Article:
Maybe the content is indexed differently or it is not available. Both worth knowing.

  • Hi Wedge,

    I agree with Martin, Jonathan, and Michel. Short is better.

    Zac is also right, if possible, instead of telling your staff members to contact Internal Communications via email if content is missing/not ranked highly enough I would suggest you include two questions (each with a free text box to fill in the answer) asking something like:
    1) ‘What where you searching for?’
    2) ‘Where did you expect to find this?’
    Then use automated workflow and link this to your intranet statistics. This makes life so much easier for Internal Communications as all data/issues will be logged in one place . Personally as a Marketing & Comms person it’s one of my favourite tools in our intranet solution). I also think staff are more likely to report missing content etc if its easy for them to do so, and I this type of workflow is definitely more intuitive than having to open outlook, find the correct person your sending the email to.

    Hope this helps :)

  • Hi Martin,

    thanks for the suggestion; that’s a function idea, so I’ll have to investigate if we can deliver such a useful function, thanks.

    Hi Bas,

    thanks for the logging reminder; again, that’s a feature idea, and I certainly expect to be able to run reports on what our people are searching for. Right now, I’m designing the ‘no results’ page and I”ll see if I can get a form in, thanks there.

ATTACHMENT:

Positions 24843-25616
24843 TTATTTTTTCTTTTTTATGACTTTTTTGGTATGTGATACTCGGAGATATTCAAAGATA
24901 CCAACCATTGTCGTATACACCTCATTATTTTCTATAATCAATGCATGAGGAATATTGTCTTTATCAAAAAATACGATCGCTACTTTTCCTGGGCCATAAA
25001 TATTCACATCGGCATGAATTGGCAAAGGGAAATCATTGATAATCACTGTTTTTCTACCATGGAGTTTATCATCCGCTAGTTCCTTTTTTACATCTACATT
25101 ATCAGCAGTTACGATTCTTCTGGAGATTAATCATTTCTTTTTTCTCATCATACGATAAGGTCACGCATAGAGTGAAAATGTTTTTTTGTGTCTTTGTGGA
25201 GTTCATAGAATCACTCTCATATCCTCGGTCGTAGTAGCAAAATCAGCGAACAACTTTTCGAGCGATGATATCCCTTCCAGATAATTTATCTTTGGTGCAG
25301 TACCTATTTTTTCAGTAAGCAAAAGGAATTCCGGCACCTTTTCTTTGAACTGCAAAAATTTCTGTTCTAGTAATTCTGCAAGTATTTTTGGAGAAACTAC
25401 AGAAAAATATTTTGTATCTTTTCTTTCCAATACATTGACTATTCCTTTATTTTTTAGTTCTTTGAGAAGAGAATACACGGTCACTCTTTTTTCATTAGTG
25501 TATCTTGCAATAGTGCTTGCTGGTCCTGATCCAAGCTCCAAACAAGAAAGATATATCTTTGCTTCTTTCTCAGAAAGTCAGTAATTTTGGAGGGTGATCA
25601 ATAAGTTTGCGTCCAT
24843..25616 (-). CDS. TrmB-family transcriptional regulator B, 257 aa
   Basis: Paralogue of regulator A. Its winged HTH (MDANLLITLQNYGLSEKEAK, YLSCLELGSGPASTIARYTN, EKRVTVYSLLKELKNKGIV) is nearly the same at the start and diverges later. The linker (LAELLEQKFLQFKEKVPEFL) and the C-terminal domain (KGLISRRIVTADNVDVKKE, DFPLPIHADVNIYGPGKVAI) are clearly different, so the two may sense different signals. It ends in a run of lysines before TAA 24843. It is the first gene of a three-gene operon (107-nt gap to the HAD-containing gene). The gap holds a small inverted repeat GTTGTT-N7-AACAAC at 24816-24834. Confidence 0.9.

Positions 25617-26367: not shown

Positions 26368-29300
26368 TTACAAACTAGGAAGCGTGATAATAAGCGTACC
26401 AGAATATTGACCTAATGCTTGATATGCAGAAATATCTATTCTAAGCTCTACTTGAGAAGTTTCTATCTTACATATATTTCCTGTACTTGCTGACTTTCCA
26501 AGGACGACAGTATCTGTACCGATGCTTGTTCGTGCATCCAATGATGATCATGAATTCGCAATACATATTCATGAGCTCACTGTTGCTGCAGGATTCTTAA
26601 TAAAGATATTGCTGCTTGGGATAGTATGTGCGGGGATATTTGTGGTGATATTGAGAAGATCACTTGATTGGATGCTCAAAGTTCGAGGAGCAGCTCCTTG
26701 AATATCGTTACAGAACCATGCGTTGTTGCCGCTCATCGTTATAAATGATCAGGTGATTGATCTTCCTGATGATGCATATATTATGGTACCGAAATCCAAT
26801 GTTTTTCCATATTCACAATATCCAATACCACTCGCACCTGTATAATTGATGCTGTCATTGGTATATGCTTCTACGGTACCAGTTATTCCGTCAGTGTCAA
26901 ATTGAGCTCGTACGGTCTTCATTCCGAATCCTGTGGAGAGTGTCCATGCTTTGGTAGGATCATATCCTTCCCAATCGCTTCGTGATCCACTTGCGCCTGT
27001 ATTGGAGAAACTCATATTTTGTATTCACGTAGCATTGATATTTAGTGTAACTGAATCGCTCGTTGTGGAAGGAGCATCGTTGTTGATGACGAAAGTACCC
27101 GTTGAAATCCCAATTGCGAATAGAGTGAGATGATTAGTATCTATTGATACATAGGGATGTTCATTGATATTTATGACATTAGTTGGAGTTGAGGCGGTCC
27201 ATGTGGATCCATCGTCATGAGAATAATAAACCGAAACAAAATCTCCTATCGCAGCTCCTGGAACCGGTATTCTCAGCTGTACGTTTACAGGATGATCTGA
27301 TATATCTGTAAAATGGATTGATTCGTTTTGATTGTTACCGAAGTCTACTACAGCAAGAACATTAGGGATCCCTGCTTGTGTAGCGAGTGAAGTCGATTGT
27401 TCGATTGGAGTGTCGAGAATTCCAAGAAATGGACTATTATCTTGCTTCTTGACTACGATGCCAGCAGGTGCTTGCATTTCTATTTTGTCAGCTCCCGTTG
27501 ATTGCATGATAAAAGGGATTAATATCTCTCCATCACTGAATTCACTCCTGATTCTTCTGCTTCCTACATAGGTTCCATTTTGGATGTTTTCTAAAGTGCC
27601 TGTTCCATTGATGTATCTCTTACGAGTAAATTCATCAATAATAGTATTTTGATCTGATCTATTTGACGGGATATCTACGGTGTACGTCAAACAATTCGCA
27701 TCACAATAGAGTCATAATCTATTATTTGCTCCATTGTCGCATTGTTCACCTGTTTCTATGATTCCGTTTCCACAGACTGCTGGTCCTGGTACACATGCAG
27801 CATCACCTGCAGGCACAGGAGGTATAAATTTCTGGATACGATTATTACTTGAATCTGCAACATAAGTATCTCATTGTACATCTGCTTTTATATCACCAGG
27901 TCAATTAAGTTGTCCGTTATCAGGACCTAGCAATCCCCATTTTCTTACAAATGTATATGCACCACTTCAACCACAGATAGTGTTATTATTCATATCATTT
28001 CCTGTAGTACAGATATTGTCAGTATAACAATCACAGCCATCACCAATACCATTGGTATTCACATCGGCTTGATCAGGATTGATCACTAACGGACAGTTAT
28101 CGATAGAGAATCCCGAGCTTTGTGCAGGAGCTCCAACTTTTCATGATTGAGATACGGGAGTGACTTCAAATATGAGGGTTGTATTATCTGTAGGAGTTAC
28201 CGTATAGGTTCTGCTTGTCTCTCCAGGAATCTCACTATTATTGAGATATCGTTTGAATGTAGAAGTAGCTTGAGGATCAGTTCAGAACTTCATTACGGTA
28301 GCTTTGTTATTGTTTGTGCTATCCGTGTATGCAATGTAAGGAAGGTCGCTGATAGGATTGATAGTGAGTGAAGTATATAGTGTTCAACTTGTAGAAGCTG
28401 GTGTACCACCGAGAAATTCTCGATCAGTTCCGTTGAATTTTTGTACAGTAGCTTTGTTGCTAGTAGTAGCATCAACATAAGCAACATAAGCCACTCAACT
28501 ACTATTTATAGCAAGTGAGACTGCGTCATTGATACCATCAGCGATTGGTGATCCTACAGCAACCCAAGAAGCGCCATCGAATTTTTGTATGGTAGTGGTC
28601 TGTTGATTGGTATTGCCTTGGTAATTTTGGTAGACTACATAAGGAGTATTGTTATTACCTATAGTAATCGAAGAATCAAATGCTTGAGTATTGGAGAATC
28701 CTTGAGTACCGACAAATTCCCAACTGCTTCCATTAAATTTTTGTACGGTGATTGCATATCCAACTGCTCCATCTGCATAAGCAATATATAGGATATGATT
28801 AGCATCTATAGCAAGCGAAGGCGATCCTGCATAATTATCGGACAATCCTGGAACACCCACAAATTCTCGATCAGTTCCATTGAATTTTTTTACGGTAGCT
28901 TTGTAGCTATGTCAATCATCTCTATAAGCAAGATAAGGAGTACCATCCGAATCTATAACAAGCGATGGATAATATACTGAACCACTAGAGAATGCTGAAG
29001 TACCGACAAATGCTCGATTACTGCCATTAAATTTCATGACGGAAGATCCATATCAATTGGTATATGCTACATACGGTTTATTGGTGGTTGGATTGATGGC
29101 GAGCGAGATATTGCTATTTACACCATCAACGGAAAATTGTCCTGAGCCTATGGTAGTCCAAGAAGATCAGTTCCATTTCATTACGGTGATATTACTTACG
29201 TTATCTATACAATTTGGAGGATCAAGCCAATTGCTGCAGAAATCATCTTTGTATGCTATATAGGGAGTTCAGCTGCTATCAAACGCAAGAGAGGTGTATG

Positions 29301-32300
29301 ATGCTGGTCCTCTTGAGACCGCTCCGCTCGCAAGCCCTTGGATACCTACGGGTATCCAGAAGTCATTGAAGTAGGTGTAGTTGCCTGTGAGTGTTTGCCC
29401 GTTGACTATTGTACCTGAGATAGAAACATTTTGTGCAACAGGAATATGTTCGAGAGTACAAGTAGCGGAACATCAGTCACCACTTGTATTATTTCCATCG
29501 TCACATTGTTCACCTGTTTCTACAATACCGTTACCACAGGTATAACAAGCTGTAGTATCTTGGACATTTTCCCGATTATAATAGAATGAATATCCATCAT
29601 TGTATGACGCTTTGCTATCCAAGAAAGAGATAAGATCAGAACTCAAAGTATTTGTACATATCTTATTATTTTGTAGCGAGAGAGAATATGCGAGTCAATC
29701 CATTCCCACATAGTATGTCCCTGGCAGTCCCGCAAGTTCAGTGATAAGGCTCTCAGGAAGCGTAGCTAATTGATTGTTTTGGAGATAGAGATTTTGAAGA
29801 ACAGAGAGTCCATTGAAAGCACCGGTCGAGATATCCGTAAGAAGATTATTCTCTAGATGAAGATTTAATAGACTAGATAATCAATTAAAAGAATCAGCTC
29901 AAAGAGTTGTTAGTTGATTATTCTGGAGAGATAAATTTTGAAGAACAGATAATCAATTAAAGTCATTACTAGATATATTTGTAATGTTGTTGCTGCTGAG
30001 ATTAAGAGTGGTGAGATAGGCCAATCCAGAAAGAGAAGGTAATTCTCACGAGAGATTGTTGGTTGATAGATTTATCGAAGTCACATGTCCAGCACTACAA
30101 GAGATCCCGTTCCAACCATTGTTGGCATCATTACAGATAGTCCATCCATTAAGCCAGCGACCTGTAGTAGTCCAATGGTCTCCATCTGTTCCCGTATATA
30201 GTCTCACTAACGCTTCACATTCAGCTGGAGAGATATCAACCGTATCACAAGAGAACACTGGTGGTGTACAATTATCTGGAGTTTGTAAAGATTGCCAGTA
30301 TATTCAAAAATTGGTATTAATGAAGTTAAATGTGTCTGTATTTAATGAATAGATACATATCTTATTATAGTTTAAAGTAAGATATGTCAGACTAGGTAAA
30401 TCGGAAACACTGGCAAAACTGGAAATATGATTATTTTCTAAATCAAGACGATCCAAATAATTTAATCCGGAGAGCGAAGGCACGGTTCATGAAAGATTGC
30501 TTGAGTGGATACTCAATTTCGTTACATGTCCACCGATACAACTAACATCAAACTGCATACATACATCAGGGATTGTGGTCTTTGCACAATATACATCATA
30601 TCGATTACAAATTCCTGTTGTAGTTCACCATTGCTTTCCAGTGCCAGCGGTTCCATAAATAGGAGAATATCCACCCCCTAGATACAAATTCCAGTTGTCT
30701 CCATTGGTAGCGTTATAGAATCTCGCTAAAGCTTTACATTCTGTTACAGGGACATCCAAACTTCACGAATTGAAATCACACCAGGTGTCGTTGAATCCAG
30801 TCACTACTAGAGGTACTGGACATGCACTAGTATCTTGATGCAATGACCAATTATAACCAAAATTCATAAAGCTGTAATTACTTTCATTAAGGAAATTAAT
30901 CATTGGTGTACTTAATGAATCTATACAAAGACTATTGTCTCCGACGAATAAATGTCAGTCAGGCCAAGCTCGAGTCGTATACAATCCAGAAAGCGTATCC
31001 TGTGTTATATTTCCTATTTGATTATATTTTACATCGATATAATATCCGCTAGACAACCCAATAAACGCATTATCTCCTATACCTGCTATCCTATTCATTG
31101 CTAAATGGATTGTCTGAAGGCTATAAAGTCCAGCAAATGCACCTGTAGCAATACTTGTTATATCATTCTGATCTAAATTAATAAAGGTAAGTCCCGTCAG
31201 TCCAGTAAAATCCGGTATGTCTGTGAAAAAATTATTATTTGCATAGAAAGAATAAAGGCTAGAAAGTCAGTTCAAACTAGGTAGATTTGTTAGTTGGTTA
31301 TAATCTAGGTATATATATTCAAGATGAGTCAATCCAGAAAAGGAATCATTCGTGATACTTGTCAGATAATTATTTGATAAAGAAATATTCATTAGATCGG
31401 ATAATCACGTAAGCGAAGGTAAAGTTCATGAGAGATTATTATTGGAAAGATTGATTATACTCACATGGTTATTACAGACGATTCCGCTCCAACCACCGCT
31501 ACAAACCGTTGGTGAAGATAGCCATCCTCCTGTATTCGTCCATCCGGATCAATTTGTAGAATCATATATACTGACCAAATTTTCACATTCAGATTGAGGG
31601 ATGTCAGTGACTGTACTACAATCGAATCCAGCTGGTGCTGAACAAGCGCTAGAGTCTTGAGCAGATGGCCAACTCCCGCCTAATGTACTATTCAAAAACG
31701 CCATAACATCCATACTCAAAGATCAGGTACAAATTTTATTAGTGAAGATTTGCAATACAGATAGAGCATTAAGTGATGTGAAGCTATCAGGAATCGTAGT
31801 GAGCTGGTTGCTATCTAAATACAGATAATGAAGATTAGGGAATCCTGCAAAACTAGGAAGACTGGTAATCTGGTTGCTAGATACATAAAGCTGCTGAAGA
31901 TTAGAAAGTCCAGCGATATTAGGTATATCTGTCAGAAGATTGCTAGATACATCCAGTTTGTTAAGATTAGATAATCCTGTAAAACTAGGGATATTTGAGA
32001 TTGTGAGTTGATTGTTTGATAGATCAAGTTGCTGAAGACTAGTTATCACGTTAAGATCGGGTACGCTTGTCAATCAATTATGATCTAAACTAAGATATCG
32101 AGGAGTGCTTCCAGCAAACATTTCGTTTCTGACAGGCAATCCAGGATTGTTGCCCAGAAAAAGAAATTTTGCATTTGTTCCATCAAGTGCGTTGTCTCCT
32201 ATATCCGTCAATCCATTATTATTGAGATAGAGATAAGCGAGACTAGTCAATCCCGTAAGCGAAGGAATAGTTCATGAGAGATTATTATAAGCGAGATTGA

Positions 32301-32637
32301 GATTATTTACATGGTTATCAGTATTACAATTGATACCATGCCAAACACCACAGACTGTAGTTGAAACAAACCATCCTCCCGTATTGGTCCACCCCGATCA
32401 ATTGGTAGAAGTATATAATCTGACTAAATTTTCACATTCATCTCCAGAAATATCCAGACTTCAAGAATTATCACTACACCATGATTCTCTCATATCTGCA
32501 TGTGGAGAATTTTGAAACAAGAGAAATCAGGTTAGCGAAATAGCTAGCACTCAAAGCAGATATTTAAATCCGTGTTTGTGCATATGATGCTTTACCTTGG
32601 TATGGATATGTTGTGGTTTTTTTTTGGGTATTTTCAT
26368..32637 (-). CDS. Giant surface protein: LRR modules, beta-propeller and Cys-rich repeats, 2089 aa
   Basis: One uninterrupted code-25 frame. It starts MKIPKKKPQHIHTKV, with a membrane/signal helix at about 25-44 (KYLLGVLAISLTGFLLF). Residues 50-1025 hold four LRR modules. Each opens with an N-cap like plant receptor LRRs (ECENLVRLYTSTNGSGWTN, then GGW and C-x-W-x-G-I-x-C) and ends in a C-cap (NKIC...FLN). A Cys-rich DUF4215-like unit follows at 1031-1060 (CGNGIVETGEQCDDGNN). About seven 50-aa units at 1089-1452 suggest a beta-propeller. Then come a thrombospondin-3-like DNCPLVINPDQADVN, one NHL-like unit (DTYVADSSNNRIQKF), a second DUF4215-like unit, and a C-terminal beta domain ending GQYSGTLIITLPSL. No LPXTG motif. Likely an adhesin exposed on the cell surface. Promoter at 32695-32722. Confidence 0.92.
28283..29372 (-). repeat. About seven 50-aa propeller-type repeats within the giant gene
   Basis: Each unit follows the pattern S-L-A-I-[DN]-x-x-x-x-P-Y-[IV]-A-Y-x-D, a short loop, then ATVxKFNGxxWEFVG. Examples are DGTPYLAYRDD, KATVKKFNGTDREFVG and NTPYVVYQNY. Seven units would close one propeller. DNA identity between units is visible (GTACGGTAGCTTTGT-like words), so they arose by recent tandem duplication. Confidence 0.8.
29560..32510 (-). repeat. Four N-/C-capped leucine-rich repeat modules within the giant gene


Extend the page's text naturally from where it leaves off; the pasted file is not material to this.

We’ll certainly tweak the indexing / crawl methodology over the months – the big deal is, that we’re launching with very little content, so the ‘no results’ page will be seen a lot!

    Hi Linda,

    yep, I’ll try to slim down the word count. Thanks for the form idea of course, I’ll see if we’re able to implement that. I didn’t expect anyone to have to open Outlook and search for the right person to contact with feedback – sorry if that wasn’t clear. The words ‘Internal Communications’ are underlined to indicate a direct link, I see it wasn’t clear in my draft (but it is only a draft).

    1) ‘What were you searching for?’
    2) ‘Where did you expect to find this?’

    Seem the right questions to help direct people’s comments when they’re offering feedback, thanks there.

    Wedge